From the Jacket:
Amazing it appears, yet it is true. In every period of its long history, two types of geniuses have flourished in India: one was concerned with man's existence and the other tried to make his existence comfortable, at times even enviable. This book The Indian Craftsman, by Ananda K. Coomaraswamy is a study of the second type of genius, the Indian craftsman.
The author has treated his subject from three points of view: the village, the town and the palace or temple, i.e. where the craftsman lived, worked and had their patrons. He has also minutely examined how the caste system, religion and the guild set up standards of quality and enforced their strict adherence. He has devoted an entire chapter to throw light on the system of education and training that ensured and regulated the right number of craftsmen for every craft at a particular period so that at no period there was neither a surplus nor a deficit of craftsmen.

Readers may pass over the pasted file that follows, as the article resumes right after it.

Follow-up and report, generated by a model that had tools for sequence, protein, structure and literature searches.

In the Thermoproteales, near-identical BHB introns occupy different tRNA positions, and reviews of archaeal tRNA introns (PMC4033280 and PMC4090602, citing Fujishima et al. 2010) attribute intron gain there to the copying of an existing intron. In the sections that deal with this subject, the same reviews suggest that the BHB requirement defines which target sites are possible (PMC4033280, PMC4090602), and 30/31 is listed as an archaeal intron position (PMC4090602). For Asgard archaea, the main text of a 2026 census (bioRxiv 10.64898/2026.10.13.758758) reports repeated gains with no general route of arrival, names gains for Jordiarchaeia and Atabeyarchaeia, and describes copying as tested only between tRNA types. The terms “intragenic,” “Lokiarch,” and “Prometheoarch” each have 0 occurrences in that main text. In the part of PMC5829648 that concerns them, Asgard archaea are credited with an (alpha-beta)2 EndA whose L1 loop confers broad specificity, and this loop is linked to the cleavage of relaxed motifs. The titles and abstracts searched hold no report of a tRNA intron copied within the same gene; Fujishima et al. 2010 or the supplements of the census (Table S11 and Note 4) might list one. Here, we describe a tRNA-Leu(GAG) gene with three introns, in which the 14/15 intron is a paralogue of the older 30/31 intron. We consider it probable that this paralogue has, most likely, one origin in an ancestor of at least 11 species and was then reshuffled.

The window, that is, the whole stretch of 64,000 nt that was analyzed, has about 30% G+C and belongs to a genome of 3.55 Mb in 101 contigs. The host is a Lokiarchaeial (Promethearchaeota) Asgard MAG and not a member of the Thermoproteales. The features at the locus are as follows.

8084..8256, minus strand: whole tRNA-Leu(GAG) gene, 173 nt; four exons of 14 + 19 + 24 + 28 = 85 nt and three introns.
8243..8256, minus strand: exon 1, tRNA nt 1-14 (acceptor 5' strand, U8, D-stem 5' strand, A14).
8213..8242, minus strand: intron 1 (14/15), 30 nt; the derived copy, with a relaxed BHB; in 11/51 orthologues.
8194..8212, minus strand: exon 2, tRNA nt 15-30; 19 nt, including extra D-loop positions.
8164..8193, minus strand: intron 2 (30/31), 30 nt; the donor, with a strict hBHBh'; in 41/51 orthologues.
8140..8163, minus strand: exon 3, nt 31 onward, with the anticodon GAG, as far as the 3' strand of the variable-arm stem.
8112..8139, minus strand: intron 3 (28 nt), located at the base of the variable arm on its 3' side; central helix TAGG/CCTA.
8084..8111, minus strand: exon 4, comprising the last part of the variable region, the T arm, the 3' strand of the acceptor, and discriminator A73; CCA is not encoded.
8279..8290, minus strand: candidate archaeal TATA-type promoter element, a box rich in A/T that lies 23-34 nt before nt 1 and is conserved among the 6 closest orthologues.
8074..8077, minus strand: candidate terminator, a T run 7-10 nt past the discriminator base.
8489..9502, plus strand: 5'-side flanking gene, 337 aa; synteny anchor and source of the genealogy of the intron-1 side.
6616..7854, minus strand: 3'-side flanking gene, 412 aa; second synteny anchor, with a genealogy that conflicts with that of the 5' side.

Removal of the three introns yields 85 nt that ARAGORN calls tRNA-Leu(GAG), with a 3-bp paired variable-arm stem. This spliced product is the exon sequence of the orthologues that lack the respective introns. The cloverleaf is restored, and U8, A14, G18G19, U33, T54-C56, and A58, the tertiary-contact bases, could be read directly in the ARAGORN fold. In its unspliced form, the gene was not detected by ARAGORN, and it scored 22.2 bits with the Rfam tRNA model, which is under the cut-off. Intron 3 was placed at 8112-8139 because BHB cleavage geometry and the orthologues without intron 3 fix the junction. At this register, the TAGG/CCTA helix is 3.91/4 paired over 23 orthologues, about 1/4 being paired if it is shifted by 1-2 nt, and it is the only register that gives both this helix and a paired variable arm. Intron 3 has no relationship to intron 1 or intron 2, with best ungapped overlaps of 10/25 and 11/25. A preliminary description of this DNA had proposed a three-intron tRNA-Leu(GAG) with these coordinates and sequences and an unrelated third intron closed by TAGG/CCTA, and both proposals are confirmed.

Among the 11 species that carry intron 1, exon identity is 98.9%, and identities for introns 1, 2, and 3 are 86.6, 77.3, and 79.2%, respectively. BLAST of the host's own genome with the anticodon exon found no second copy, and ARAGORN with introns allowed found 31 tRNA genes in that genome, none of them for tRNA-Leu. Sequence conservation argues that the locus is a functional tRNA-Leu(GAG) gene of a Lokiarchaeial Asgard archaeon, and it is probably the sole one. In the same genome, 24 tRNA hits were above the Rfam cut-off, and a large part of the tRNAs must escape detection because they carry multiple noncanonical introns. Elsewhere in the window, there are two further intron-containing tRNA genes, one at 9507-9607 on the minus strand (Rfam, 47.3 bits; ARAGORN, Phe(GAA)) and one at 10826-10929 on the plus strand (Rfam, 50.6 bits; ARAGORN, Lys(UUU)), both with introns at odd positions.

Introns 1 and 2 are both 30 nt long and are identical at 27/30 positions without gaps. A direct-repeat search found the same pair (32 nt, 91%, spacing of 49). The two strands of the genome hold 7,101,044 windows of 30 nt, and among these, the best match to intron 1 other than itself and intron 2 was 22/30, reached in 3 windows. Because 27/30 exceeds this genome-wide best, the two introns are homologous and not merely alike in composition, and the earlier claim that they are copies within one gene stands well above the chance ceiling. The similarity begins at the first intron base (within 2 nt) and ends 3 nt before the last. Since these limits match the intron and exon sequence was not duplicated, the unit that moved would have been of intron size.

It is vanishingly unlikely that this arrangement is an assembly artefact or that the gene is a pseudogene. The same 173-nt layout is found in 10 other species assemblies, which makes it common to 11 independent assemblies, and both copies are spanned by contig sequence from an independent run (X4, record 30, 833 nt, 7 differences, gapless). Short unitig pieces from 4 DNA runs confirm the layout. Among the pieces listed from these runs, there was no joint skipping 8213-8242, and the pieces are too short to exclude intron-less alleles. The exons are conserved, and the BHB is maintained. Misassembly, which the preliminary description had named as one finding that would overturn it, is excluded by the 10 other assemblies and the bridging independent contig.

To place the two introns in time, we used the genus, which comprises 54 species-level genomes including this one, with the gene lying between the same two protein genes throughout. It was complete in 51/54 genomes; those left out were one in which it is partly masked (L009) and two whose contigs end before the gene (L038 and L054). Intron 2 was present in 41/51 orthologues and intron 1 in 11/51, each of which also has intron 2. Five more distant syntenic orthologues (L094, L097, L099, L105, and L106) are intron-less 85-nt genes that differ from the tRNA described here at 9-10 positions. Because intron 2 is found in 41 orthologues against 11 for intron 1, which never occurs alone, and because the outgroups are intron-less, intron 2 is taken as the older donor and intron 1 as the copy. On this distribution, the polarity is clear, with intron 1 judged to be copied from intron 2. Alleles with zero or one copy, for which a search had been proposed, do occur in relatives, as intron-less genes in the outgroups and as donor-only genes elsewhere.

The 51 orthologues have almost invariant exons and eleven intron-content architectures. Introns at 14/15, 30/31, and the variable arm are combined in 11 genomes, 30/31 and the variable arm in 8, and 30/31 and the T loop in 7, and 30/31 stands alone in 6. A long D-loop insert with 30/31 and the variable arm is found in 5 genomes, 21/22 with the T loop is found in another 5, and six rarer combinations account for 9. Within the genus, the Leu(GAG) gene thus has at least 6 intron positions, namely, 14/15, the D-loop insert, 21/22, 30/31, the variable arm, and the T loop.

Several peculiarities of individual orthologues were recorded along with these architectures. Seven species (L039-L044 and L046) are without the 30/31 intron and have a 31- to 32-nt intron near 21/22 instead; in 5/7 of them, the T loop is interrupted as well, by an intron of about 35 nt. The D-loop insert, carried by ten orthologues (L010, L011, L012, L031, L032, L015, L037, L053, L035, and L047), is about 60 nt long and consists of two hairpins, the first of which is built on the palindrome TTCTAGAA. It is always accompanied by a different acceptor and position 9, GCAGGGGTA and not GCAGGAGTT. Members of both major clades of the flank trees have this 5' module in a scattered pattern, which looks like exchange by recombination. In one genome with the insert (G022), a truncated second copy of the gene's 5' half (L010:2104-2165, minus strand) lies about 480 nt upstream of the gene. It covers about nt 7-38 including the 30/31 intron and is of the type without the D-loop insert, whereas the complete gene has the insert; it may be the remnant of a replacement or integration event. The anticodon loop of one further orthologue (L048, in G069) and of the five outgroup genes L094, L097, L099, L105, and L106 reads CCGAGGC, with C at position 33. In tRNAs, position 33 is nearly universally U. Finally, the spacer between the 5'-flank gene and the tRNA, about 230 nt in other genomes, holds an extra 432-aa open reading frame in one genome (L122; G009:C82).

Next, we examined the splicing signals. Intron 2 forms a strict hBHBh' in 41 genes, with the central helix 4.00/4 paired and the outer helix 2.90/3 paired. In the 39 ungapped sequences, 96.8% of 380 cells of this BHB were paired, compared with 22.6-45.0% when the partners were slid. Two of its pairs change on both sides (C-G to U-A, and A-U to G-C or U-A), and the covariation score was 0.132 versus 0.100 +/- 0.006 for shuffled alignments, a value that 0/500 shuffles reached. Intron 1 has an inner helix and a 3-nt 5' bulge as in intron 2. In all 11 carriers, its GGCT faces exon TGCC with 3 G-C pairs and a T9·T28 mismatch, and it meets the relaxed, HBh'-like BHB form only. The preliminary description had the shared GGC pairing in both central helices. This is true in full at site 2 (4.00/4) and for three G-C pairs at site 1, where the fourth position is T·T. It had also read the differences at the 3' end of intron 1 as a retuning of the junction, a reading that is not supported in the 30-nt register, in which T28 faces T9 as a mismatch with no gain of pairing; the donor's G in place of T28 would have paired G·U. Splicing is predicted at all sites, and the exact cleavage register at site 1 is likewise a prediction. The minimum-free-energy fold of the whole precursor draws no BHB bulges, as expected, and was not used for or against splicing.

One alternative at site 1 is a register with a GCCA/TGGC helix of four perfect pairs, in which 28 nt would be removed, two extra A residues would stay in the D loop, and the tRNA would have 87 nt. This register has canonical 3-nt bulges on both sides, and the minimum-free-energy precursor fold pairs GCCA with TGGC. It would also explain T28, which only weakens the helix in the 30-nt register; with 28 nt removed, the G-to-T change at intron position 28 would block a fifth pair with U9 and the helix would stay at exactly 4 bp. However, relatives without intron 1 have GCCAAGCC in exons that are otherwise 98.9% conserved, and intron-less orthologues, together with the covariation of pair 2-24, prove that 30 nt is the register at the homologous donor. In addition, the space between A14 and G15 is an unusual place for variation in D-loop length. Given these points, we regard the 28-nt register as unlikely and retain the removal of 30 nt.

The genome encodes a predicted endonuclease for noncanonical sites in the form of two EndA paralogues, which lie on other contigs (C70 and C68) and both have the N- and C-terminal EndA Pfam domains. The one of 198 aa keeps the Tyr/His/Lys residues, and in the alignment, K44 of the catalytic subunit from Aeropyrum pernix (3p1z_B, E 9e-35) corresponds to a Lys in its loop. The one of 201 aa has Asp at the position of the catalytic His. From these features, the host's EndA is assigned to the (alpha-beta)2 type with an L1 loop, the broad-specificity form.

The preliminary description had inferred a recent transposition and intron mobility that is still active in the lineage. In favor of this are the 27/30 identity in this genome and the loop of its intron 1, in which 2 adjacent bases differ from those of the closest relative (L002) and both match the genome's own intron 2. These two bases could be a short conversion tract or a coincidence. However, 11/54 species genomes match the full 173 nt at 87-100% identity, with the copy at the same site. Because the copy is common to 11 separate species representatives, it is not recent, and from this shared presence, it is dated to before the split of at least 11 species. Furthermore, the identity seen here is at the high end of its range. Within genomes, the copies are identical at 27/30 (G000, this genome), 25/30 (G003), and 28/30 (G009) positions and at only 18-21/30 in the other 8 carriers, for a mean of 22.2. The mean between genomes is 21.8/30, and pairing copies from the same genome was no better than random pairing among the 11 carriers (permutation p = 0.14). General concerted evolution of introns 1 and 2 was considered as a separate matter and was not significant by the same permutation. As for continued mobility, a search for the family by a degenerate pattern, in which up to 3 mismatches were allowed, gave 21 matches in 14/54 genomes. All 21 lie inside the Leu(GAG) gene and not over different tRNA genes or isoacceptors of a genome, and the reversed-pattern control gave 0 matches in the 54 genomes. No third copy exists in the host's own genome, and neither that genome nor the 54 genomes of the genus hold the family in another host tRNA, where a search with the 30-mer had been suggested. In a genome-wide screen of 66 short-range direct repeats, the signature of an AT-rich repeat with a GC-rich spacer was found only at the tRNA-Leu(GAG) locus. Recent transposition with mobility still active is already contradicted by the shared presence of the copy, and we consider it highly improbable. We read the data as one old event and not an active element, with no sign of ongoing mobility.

Ten appendices add further information from different angles. This book is indeed a welcome resurrection at this particular time; for the traditional craftsmen are disappearing. The philosophy that sustained them through vicissitudes seems no longer valid. All those who have a love for Indian crafts and who want to either practise or preserve them will find this an excellent book.
Foreword/Alvin C. Moore 1. The village craftsman 2. The craft guilds of the great cities 3. The feudal craftsman in India and Ceylon 4. Standard and regulation 5. Religious ideas in craftsmanship 6. Education Appendices Bibliography Index
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